Entropic Approaches for Assessment of Metal Fatigue Damage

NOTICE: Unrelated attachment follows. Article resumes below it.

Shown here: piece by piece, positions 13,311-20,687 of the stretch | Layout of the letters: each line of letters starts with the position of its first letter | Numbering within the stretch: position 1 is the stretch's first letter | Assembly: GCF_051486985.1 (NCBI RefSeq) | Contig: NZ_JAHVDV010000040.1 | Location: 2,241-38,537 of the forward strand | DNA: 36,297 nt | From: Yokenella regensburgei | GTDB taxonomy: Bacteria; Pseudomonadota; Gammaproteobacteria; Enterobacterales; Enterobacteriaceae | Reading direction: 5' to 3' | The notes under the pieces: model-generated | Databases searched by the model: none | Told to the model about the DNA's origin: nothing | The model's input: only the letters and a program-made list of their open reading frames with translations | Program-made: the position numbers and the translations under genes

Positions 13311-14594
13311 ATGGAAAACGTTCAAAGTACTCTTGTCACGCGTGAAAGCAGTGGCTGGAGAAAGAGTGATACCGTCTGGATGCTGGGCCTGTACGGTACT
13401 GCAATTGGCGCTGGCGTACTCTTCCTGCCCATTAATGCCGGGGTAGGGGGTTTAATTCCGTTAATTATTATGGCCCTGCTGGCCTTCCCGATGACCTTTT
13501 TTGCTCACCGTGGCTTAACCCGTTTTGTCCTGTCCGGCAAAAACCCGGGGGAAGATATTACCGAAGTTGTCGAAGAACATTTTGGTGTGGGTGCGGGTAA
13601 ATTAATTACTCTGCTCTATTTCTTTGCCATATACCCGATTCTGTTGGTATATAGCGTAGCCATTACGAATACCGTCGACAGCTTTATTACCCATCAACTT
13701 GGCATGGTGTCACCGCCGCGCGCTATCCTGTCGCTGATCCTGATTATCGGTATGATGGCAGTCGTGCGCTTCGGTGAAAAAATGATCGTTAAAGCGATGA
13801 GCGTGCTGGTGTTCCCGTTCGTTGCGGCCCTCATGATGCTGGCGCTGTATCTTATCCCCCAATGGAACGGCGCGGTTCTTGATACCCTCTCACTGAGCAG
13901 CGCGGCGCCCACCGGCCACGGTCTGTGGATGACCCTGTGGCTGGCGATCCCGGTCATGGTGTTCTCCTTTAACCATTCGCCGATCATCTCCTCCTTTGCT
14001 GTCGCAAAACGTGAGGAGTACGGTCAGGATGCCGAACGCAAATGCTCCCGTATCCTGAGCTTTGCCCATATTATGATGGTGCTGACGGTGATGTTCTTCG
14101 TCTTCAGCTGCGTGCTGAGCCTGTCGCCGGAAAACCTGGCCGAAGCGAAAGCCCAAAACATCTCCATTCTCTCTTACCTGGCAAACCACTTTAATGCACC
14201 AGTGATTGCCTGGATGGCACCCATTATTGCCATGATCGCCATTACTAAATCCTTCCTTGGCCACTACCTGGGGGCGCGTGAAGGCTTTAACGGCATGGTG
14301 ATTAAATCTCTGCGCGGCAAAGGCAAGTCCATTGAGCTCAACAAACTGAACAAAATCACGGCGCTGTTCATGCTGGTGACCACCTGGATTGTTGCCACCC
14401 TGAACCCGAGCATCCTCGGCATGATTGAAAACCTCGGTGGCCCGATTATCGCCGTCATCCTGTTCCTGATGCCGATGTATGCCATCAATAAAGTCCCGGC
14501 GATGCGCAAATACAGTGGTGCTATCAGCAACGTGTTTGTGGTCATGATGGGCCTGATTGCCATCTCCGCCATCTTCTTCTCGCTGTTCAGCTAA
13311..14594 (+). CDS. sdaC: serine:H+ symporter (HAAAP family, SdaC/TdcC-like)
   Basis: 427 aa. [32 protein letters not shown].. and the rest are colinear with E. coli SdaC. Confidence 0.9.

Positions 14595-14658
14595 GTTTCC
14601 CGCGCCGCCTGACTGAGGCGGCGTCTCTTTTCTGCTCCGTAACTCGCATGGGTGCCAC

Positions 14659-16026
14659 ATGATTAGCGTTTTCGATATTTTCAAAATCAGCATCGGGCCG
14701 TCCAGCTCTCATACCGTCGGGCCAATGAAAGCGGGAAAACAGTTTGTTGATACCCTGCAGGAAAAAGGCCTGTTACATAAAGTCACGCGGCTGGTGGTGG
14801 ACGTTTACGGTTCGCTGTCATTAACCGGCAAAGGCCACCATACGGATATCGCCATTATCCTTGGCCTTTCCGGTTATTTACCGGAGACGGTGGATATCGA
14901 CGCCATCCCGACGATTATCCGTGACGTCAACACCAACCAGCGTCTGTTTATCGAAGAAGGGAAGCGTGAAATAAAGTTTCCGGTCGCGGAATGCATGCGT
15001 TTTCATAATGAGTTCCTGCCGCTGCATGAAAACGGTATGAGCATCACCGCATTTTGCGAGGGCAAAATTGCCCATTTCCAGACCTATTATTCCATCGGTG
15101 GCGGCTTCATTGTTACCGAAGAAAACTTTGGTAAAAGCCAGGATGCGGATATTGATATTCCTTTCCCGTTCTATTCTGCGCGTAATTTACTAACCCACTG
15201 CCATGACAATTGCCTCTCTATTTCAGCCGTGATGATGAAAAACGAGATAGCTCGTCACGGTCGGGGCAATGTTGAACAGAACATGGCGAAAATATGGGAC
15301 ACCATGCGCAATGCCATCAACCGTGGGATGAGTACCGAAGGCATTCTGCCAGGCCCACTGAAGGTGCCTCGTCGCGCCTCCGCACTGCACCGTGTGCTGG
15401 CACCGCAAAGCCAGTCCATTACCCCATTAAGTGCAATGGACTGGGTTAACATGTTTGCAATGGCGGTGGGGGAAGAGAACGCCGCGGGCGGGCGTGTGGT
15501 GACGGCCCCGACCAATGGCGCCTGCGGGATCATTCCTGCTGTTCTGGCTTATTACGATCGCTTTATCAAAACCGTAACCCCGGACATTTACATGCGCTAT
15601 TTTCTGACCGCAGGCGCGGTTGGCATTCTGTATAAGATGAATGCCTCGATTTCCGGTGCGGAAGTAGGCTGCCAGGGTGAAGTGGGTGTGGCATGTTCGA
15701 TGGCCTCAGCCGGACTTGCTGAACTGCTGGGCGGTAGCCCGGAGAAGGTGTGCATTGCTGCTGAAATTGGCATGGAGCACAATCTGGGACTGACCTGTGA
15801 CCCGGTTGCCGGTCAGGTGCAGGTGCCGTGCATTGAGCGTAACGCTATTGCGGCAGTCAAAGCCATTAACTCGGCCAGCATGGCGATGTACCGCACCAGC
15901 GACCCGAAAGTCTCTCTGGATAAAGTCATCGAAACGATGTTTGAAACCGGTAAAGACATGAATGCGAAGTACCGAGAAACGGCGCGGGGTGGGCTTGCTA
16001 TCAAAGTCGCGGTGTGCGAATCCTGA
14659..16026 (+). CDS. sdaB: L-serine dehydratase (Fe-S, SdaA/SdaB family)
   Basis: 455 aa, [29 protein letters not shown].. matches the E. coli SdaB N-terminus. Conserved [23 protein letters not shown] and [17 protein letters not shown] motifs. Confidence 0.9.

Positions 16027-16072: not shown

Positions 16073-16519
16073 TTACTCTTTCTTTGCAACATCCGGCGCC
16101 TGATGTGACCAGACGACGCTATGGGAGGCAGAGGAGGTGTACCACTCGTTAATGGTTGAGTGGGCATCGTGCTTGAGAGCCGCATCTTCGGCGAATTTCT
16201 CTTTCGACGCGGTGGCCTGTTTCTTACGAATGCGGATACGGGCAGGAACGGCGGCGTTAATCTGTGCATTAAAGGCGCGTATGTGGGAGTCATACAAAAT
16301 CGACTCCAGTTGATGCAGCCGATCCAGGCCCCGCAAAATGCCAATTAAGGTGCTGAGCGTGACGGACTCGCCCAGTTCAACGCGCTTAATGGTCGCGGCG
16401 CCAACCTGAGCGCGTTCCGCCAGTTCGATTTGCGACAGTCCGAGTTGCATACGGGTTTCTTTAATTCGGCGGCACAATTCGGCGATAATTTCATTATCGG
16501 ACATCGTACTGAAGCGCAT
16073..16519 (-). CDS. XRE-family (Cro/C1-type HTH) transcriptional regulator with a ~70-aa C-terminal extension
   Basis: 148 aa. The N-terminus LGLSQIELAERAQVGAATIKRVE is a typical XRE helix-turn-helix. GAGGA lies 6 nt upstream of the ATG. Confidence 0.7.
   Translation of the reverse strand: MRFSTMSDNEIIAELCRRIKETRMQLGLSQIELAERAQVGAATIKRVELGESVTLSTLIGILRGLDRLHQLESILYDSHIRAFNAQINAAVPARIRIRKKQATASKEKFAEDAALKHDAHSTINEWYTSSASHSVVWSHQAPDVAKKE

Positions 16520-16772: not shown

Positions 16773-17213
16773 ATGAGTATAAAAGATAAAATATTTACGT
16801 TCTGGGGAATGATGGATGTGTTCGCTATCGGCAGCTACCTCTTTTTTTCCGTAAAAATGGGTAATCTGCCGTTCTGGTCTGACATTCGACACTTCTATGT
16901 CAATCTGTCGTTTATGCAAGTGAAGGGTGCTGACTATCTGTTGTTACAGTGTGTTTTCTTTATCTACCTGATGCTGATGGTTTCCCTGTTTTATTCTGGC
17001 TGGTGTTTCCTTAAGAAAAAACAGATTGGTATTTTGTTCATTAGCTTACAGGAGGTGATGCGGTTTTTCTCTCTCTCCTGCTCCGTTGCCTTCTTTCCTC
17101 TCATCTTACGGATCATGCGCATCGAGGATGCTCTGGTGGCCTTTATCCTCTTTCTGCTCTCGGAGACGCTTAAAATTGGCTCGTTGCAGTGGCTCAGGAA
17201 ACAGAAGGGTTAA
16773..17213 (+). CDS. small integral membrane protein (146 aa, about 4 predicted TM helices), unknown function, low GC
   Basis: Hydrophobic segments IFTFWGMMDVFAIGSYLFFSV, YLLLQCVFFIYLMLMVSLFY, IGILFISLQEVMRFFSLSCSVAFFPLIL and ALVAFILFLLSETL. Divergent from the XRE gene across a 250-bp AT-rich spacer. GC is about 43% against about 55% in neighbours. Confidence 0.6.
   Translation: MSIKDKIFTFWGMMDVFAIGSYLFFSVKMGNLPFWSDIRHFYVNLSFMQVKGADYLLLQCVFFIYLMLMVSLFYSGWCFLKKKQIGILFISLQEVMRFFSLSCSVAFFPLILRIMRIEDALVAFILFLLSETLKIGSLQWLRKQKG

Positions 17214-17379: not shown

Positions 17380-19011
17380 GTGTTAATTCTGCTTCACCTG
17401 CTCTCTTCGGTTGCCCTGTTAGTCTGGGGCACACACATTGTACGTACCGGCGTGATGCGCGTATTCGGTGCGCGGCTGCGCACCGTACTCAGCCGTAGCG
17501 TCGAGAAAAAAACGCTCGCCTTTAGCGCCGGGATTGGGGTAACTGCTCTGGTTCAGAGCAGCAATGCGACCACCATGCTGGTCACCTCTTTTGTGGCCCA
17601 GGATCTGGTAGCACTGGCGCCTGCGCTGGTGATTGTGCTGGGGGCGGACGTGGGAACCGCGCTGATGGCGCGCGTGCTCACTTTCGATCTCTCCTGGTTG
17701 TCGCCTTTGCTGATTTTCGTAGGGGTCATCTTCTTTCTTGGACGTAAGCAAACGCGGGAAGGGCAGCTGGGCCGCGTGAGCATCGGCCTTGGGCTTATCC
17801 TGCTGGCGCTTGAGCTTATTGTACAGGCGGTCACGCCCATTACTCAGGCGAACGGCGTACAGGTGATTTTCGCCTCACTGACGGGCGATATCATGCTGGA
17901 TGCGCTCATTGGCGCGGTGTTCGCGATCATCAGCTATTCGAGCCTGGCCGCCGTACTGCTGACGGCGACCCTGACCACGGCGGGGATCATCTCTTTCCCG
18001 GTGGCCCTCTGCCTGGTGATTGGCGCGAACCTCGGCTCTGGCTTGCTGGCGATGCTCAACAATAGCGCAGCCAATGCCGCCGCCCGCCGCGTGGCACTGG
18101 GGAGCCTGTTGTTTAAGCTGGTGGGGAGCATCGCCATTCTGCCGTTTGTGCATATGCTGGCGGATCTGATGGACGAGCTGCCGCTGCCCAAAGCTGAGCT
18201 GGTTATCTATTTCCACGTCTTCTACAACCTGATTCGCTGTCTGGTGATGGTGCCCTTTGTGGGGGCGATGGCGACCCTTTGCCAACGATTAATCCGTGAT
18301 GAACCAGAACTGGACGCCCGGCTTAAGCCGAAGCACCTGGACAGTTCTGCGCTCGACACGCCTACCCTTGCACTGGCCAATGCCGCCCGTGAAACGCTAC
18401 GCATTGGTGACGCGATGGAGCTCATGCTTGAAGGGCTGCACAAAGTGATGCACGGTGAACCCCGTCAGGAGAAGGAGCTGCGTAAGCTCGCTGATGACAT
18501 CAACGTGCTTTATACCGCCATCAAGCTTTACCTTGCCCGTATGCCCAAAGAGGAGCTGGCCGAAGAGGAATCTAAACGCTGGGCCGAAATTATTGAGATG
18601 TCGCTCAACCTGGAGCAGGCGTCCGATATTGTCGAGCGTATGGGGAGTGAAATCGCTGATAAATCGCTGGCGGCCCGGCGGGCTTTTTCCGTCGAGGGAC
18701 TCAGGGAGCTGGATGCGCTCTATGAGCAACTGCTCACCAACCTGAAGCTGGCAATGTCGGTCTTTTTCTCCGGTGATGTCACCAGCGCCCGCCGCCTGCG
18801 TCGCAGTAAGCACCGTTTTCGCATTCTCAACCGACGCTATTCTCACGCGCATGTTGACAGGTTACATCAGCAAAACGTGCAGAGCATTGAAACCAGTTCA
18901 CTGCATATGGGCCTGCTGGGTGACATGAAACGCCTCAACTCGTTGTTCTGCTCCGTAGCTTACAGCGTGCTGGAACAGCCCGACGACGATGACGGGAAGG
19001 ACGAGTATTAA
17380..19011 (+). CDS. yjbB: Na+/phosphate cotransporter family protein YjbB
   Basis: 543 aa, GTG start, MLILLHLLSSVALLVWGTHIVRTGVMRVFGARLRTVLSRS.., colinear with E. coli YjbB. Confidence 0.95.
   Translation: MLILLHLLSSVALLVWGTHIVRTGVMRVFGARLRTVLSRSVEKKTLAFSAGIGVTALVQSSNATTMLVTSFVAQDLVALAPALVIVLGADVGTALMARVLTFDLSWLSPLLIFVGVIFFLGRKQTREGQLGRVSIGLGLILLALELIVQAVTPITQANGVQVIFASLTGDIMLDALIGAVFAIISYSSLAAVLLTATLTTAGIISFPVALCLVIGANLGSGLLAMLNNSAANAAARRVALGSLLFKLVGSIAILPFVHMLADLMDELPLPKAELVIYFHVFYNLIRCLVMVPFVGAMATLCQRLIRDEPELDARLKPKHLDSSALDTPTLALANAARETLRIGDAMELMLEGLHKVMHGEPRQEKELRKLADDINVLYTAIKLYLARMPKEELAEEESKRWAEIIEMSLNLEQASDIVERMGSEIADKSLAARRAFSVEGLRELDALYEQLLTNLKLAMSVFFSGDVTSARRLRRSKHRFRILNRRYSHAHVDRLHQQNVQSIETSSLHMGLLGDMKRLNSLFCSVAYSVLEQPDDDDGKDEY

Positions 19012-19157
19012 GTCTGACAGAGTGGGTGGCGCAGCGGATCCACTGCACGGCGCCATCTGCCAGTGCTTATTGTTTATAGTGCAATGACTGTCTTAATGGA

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Prognostics and Health Management (PHM), a promising technique assessing individual life of engineering systems, requires metrics that indicate the current level of degradation and aging. However, traditional methods of fatigue life estimation have a restriction to apply to PHM due to scale dependency of measurements. An alternative to the conventional fatigue assessment is the entropic approach, initially de-rived from the second law of thermodynamics. The entropic approach is scale-independent and able to monitor degradation and aging from the early periods of life. The entropic endurance indicates a certain level of damage that a component can tolerate before failure. Not only the thermodynamic theory but also information and statistical mechanics laws introducing entropy apply to the various modes of energy dissipations. This dissertation introduces the extension of the entropic approaches as the representation of damage by empirically examining the theoretical basis of three en-tropic theorems. Metallic coupons were fatigue tested to confirm the applicability of three entropic measures: irreversible thermodynamic entropy, information (Shannon) entropy, and Jeffreys divergence, by measuring variables used to compute energy dissipations during fatigue. In addition to the entropic approaches to damage, short-term loading process (STLP) is designed to minimize the difficulties associated with acoustic emission background noise when used to measure information entropy of the generated signals. Without damaging the material, high-frequency/low-amplitude loading is expected to generate acoustic signals through quiet background noise excitation loading to infer the current damage status. The results of this research help identifying multiple damage measurement methods and will broaden understanding and selecting practical applications, and reduce the prognosis uncertainty in PHM applications.